BIO's concern is not that biotech products will fall into the public domain but that uncertainty will be created in patent law about what is patentable, Sauer said. “Companies that have robust franchises like Myriad today will be just fine if the Supreme Court finds the Myriad patents are patent ineligible. But those without robust franchises, like Myriad 15 years ago, will be hit very hard and maybe put out of business. We may be looking at 10, 15, or more years of uncertainty about what is patentable and what is not,” Sauer said.
Whealan suggested that the question the ACLU presented to the court--Are human genes patentable?--may predetermine the court's decision. “The answer to the question as raised is, no. But are cDNA and isolated or genomic DNA human genes? It is disconcerting that the question itself is something of a red herring,” he said.
Judge Paul Michel, former chief judge of the Federal Circuit, said that courts are at a disadvantage due to the structure of a lawsuit. “There is an inherent limitation in the presentation by the parties. It's yes or no, black or white, win or lose. The broader the question, the more hesitant judges should be in making a broad decision.”
Michel continued, “There is a sense among the general public that when the Supreme Court provides an answer to a question, then we will know. I predict that the court's ruling will not end the debate and will not draw a clear line as to patent eligibility.”
The most important question, Michel suggested, is who should be deciding this on behalf of the country? “The decision will be made by nine individuals whose claim to authority is judicial. In In Re Bilski (124 PTD, 6/30/10) and Mayo, the Supreme Court took a murky area of law that was not very predictable and made it murkier and even less predictable. Perhaps Congress, after the massive input it acquires during hearings, would be the better choice to decide. Congress has the better capacity to map this out because it can look anywhere for answers. Supreme Court law, in contrast, is isolated from other matters of law in that the court only cites itself, leaving it trapped in its own language.”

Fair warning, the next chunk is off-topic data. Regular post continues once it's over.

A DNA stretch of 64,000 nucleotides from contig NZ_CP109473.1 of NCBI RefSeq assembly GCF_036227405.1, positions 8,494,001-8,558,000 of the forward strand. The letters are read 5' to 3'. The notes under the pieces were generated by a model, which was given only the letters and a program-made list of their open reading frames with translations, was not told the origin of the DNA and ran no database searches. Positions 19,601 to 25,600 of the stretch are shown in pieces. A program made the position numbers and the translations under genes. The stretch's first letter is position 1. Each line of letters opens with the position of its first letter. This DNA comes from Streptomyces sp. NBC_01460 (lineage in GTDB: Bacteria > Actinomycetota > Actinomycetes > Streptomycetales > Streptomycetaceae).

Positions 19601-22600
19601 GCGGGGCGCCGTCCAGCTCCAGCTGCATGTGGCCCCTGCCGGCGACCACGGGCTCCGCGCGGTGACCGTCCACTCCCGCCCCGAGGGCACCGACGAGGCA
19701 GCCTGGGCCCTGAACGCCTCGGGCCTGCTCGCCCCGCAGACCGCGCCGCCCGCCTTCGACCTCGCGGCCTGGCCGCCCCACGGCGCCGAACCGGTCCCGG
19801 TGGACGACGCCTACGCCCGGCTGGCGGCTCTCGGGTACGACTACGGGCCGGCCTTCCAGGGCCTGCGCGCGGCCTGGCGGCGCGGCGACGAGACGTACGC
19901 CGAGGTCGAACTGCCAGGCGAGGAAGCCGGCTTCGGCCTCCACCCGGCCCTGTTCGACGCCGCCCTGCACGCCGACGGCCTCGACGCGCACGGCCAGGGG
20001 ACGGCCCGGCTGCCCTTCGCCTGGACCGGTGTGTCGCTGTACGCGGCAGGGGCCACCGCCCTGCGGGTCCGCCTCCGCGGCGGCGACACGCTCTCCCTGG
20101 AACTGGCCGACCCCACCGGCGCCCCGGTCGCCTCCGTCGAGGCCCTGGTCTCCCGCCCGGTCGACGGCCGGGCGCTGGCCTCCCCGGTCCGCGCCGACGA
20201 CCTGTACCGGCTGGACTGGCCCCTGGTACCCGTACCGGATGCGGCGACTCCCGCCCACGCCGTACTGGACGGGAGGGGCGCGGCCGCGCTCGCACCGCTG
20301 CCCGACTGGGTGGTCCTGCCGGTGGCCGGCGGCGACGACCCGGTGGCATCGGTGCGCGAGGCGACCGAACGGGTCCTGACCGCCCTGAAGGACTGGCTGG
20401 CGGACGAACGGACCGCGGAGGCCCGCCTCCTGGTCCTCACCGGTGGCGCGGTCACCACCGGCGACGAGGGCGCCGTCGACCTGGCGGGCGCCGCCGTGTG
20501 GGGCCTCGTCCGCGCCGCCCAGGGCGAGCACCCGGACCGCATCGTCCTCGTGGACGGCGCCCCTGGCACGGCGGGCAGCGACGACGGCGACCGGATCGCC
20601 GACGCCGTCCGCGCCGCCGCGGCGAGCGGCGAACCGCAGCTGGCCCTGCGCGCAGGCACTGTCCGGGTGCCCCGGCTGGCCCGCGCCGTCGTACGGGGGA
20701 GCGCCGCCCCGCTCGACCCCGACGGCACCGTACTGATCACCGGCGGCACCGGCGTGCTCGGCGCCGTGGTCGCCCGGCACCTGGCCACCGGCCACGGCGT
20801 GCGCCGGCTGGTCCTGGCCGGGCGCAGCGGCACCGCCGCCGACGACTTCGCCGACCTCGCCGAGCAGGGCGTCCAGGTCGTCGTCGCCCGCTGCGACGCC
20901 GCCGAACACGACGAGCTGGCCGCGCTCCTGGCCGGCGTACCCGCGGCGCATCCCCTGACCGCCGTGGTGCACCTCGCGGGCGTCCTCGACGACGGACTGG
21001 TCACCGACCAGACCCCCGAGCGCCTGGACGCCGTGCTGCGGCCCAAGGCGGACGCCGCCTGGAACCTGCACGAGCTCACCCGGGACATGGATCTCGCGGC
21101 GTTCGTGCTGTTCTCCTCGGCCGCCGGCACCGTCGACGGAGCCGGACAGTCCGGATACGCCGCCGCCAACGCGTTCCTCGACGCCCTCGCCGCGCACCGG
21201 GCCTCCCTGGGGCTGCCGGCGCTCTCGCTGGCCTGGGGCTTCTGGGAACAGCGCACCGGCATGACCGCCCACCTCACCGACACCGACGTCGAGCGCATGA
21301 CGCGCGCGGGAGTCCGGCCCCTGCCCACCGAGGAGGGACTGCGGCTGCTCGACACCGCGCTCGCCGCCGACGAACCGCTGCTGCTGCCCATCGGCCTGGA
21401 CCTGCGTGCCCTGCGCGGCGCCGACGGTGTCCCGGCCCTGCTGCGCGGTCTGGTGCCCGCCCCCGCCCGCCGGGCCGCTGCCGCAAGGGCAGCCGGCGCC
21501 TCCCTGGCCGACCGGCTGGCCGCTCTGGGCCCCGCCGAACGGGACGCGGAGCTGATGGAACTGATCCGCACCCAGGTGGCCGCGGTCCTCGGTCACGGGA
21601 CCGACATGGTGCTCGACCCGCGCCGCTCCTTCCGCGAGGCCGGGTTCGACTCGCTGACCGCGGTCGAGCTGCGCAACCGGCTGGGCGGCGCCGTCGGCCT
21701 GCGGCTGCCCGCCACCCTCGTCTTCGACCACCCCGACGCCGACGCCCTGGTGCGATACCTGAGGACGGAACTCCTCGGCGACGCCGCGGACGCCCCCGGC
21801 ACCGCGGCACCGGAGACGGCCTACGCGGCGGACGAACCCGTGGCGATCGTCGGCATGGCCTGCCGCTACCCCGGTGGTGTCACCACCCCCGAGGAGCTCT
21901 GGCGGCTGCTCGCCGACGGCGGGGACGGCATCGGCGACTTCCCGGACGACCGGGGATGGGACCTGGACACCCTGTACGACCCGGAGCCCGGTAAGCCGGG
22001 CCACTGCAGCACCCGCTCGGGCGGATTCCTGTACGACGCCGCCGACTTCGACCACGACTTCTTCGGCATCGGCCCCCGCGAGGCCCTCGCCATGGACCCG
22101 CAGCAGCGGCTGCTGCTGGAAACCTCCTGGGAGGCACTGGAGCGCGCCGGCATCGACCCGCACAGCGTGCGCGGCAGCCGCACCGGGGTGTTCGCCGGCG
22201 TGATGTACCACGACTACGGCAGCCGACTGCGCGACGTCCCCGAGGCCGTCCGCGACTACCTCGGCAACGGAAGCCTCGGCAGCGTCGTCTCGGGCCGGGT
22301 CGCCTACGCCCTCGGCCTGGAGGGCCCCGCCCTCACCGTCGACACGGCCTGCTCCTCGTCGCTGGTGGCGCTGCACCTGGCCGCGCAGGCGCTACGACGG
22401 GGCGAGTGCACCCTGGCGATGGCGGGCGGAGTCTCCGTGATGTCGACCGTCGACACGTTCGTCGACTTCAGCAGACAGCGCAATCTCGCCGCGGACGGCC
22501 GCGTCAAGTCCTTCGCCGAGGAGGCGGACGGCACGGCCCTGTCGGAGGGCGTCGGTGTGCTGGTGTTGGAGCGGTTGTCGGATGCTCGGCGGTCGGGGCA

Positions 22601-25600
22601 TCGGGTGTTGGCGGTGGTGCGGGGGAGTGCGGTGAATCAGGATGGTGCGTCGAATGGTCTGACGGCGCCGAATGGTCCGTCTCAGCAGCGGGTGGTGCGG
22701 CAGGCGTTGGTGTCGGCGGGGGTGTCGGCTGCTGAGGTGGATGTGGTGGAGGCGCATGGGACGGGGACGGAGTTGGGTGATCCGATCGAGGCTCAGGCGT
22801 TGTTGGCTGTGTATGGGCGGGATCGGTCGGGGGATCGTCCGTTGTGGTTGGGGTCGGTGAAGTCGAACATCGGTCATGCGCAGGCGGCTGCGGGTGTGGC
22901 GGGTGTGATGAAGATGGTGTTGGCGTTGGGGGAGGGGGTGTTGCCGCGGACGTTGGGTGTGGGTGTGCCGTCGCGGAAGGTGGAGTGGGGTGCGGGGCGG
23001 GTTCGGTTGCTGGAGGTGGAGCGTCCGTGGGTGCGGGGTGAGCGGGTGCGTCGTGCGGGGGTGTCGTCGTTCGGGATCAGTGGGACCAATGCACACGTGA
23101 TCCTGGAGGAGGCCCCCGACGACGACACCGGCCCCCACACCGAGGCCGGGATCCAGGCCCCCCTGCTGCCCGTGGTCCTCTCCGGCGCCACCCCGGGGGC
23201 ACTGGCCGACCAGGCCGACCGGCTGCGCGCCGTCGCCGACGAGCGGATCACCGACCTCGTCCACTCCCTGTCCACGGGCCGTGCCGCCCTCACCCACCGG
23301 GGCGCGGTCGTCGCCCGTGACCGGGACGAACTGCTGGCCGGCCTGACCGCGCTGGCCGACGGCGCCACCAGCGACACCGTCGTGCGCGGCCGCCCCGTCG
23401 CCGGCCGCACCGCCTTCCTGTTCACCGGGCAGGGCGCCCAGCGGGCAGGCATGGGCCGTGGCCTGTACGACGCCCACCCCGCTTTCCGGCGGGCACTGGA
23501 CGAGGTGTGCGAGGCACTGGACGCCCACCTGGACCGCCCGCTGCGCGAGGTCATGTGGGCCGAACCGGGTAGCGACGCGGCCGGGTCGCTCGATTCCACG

Panelists who attended the Myriad oral arguments suggested that the court did seem reluctant to make a broad, blanket ruling. “But they did appear to be leaning to ruling that cDNA is patent eligible and that isolated or genomic DNA is not,” Whealan said.
Arti K. Rai of the Duke University Institute for Genomic Sciences and Policy said from the audience that she was struck by how interested the justices were in the U.S. government brief that had made that argument.
Sauer said that such a ruling by the court might not be a bad thing “because cDNA is more important to protect. If the proposition is that cDNA should be patentable because it is made in a lab as opposed to genomic DNA which is extracted from natural sources, we can probably work with that,” Sauer said.